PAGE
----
Milwaukee During Growth, Turmoil and Wartime

What it was like in Milwaukee between 1910 and 1950.


Milwaukee’s patchwork of ethnic enclaves made for tense times during the First World War, particularly with the city’s large German population. When the nation entered the fight in 1917, anti-war voices were persecuted, and Germans – even longtime citizens – were viewed with suspicion. With nearly 500 Milwaukeeans killed in the war, another 1,100 citizens dead from the Great Influenza that followed, and the city’s most famed industry shuttered due to Prohibition, Milwaukee limped into the 1920s. But the city’s population increased by 55% between 1910 and 1930 , and the city grew its acreage via annexation by more than 70% during the Roaring Twenties. This period also brought new tensions: between the law and Milwaukee’s long-standing love of the bottle, between the races (the KKK marched in the city in 1922, while both African American and Mexican American communities were growing) and finally between the classes as the Great Depression took hold in the 1930s. The U.S. entry into World War II soothed some of these tensions and exasperated others (there were 66 labor strikes in the city during the war ) but also pulled the city from the dregs of the Depression and left it, at the war’s end, once again bursting with potential. 

A Model Neighborhood: In 1915, Frank Lloyd Wright’s populist streak took physical form in the 2700 block of Burnham Street with the construction of six models of his American System-Built Homes. The grand plan – using what we’d now recognize as an IKEA approach with pre-cut materials assembled on site – fizzled. Only about 25 houses were built in total, and the six on Burnham are the only grouping of System-Built homes.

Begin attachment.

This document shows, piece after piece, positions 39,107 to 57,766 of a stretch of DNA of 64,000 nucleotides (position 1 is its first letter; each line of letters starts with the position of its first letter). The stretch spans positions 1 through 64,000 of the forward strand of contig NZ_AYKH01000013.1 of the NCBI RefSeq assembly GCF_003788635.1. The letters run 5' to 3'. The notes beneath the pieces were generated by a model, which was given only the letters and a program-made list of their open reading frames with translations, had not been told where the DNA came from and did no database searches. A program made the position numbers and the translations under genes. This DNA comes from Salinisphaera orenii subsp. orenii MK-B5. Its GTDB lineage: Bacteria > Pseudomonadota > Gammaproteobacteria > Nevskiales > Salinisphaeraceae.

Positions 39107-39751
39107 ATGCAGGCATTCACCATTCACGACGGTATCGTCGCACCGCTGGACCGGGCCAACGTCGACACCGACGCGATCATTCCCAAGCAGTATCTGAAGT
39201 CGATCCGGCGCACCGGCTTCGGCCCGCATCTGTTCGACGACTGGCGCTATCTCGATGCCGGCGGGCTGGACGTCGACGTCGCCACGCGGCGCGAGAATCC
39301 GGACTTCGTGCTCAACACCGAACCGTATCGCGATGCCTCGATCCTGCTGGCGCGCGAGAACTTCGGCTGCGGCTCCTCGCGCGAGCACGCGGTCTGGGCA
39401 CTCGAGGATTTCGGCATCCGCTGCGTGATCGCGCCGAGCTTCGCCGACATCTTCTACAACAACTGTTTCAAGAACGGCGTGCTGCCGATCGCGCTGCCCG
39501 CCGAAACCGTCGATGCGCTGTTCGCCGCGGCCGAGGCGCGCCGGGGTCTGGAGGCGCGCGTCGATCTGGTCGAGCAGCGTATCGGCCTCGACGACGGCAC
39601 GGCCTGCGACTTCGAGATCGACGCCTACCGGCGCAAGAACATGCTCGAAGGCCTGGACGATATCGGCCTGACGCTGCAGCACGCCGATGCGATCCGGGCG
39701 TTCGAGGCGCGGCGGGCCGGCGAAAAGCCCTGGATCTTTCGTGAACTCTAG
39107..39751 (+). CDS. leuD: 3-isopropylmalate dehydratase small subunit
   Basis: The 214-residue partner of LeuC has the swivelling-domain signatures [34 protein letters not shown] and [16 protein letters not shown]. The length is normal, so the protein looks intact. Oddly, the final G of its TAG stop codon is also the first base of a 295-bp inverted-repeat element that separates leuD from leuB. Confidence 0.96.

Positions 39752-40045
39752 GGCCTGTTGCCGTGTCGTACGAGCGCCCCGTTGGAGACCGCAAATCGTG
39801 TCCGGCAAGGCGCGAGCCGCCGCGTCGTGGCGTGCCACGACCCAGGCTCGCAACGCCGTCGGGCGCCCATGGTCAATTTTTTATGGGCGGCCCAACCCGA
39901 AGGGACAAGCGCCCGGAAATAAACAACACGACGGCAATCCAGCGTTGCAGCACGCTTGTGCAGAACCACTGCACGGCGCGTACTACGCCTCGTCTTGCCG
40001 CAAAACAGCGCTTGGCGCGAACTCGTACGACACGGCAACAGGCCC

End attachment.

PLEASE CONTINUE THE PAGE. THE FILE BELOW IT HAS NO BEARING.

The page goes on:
Ride the Rails: Launched in 1860, Milwaukee’s first streetcars were horse-drawn cars on rails. But 1890 heralded the arrival of the electric streetcar in Brew City. At only a nickel a ride and covering 190 miles of track, the cars were wildly popular. The era of the electric streetcar ended on March 2, 1958, when the last remaining car took its final run.

Tough Teddy: An afternoon spent sipping beer and dancing alone in a Downtown barroom? Not terribly odd by Milwaukee standards. But on Oct. 14, 1912, John Schrank followed that up by shooting former President Teddy Roosevelt, in town on a campaign swing. Roosevelt survived – and famously gave his speech despite the wound. Schrank, who’d been stalking Roosevelt for months, spent the rest of his life in an asylum.

Photo courtesy of the Wisconsin Historical Society


Social MKE: Milwaukee is the largest U.S. city to ever elect a Socialist mayor, doing so three times between 1910 and 1960. Daniel Hoan was the longest-serving (1916-40) of these mayors and was ranked the eighth-greatest mayor in U.S. history in a 1999 book on American mayoralty.

Emil Seidel (1910-1912), Daniel Hoan (1916-1940), Frank Zeidler (1948-Photo courtesy of the Milwaukee Public Library

Before the Great Migration: Milwaukee’s Black population soared during the postwar Great Migration period, but it also experienced smaller growth starting amid World War I’s industrial buildup. The number of Black Milwaukeeans grew from about 1,500 in 1915 to about 10,000 in 1945 – nearly all of them redlined into the area north of Downtown that became known as Bronzeville.

Photo courtesy of the Milwaukee Public Library

Notable name: Golda Meir, Israel’s prime minister from 1969-74, graduates from North Division High School, 1916.

Photo via public domain

Born in Milwaukee:  Supreme Court Chief Justice William Rehnquist, 1924 | Children’s author Ellen Raskin, 1928 | Bob Uecker, 1934 | Rocker Steve Miller, 1943 | NFL kicker Tom Dempsey, 1947 | Historian John Gurda, 1947

This story is part of Milwaukee Magazine‘s January issue.

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